In this large pragmatic multicentre trial in patients undergoing elective colorectal surgery, the use of oral antimicrobial prophylaxis with a single oral dose of 1 g ornidazole compared with placebo as an adjunct to intravenous antibiotic prophylaxis resulted in a significantly lower rate of surgical site infection within 30 days after surgery.
What is already known on this topic
Intravenous antimicrobial prophylaxis is recommended in patients who undergo colorectal surgery—a patient population that is particularly at risk of surgical site infections
In a recent network meta-analysis, the use of oral antimicrobial prophylaxis in addition to intravenous antibiotics in patients undergoing colorectal surgery was associated with a statistically significant reduction in surgical site infections
The supporting evidence for that finding, however, remains limited
What this study adds
Compared with placebo, oral antimicrobial prophylaxis using a single dose of 1 g ornidazole 12 hours before surgery as an adjunct to intravenous antibiotic prophylaxis resulted in significantly lower surgical site infections within 30 days
This trial was approved for all centres by the South-Est VI Committee for the Protection of Research Subjects (ID: 2015-002559-84) and the French National Agency of Medicine and Health Products Safety.
Data availability statement
Deidentified data about the individual participants will be shared with researchers of further studies on reasonable request. Request for data sharing will be handled in line with the data access and sharing policy of Clermont-Ferrand University Hospital.
A list showing members of the COMBINE study group is in the supplementary materials.
Contributors: Ef and SJ are joint first authors. EF obtained funding from the French Ministry of Health to undertake the study. He is the guarantor and accepts full responsibility for the work. EF and CPB conceived the study. EF, SJ, JCL, and CPB designed the study. MG, MV, YP, KS, GL, AO, YEA, PC, AD, SL, ML, and JP acquired the data. EF, SJ, ADJ, and BP analysed and interpreted the data. EF and SJ wrote the initial draft and contributed equally to this manuscript. All authors critically revised the manuscript and approved the final version. The lead author (EF) affirms that the manuscript is an honest, accurate, and transparent account of the study being reported; that no important aspects of the study have been omitted; and that all listed authors meet authorship criteria and that no others meeting the criteria have been omitted.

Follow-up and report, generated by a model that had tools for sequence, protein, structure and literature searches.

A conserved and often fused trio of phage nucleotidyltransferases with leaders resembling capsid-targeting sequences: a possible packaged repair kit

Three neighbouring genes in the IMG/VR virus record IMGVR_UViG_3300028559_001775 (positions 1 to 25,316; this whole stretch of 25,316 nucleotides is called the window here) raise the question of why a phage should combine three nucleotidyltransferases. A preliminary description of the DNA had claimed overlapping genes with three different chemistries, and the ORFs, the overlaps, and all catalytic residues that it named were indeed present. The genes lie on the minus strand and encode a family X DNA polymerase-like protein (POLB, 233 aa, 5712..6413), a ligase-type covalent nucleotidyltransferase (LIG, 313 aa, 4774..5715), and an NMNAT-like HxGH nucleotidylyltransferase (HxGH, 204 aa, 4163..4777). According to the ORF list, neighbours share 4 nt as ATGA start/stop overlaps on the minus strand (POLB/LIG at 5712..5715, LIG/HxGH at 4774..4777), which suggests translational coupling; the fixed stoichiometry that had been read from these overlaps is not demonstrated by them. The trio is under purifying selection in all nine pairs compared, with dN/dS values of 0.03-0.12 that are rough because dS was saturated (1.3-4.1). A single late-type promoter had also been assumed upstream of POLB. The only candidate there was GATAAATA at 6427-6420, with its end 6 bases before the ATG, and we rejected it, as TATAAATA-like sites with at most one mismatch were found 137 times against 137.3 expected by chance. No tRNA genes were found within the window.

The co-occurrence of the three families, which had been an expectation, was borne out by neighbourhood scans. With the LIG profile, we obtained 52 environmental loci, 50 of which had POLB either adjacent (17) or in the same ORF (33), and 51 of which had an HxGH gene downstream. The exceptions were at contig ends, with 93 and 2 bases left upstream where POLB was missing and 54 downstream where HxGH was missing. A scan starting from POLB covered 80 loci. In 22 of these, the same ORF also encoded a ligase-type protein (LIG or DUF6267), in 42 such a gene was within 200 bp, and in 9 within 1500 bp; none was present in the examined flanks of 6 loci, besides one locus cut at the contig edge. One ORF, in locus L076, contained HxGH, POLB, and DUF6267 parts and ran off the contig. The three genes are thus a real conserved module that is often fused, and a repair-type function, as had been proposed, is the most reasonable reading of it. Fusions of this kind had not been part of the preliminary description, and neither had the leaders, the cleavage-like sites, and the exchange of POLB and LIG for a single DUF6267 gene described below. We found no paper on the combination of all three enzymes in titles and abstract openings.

Additional contributors: Justine Bourdier (research technician) and Dominique Morand (administrative support, Direction de la recherche clinique Clermont-Ferrand).
Funding: This study was funded by a grant from the French Ministry of Health under its Clinical Research Program (PHRC-14-0060) and by the Clermont-Ferrand University Hospital. The funders had no role in considering the study design or in the collection, analysis, or interpretation of data, the writing of the report, or the decision to submit the article for publication.
Competing interests: All authors have completed the ICMJE uniform disclosure form at www.icmje.org/disclosure-of-interest/ and declare: the study was funded by a grant from the French Ministry of Health under its Clinical Research Program and by Clermont-Ferrand University Hospital; EF reports receiving consulting fees from Drager Medical, GE Healthcare, and Edwards Lifesciences, and honorariums for presentation from Baxter outside the submitted work; SJ reports receiving consulting fees from Drager Medical, Fisher & Paykel Healthcare, Fresenius Xenios, Medtronic, Baxter, and Mindray outside the submitted work; SL reports receiving consulting fees from Vifor Pharma and Alexys Sante, and honorariums for lectures from Vifor Pharma, Pharmacosmos, Pfizer, and Masimo outside the submitted work; ML reports receiving consulting fees from Gilead, Ambu, and LFB outside the submitted work; AO reports receiving consulting fees from LFB, Orion Pharma, Vifor Pharma, Nordic Pharma, and iSEP, and honorariums for lectures from Orion Pharma, Nordic Pharma, and LFB outside the submitted work. The authors declare no financial relationships with any organisations that might have an interest in the submitted work in the previous three years and no other relationships or activities that could appear to have influenced the submitted work.
The lead author (EF) affirms that the manuscript is an honest, accurate, and transparent account of the study being reported; that no important aspects of the study have been omitted; and that any discrepancies from the study as planned (and, if relevant, registered) have been explained
Dissemination to participants and related patients and public communities: After publication, the findings of this study will be disseminated to appropriate audiences, including participating surgical departments, academia, clinicians, and the general public, through various channels, such as blogs, press releases, and social media. The results were also presented at the French Society of Anaesthesiology and Critical Care Medicine and will serve as a support for the update of French guidelines.
Provenance and peer review: Not commissioned; externally peer reviewed.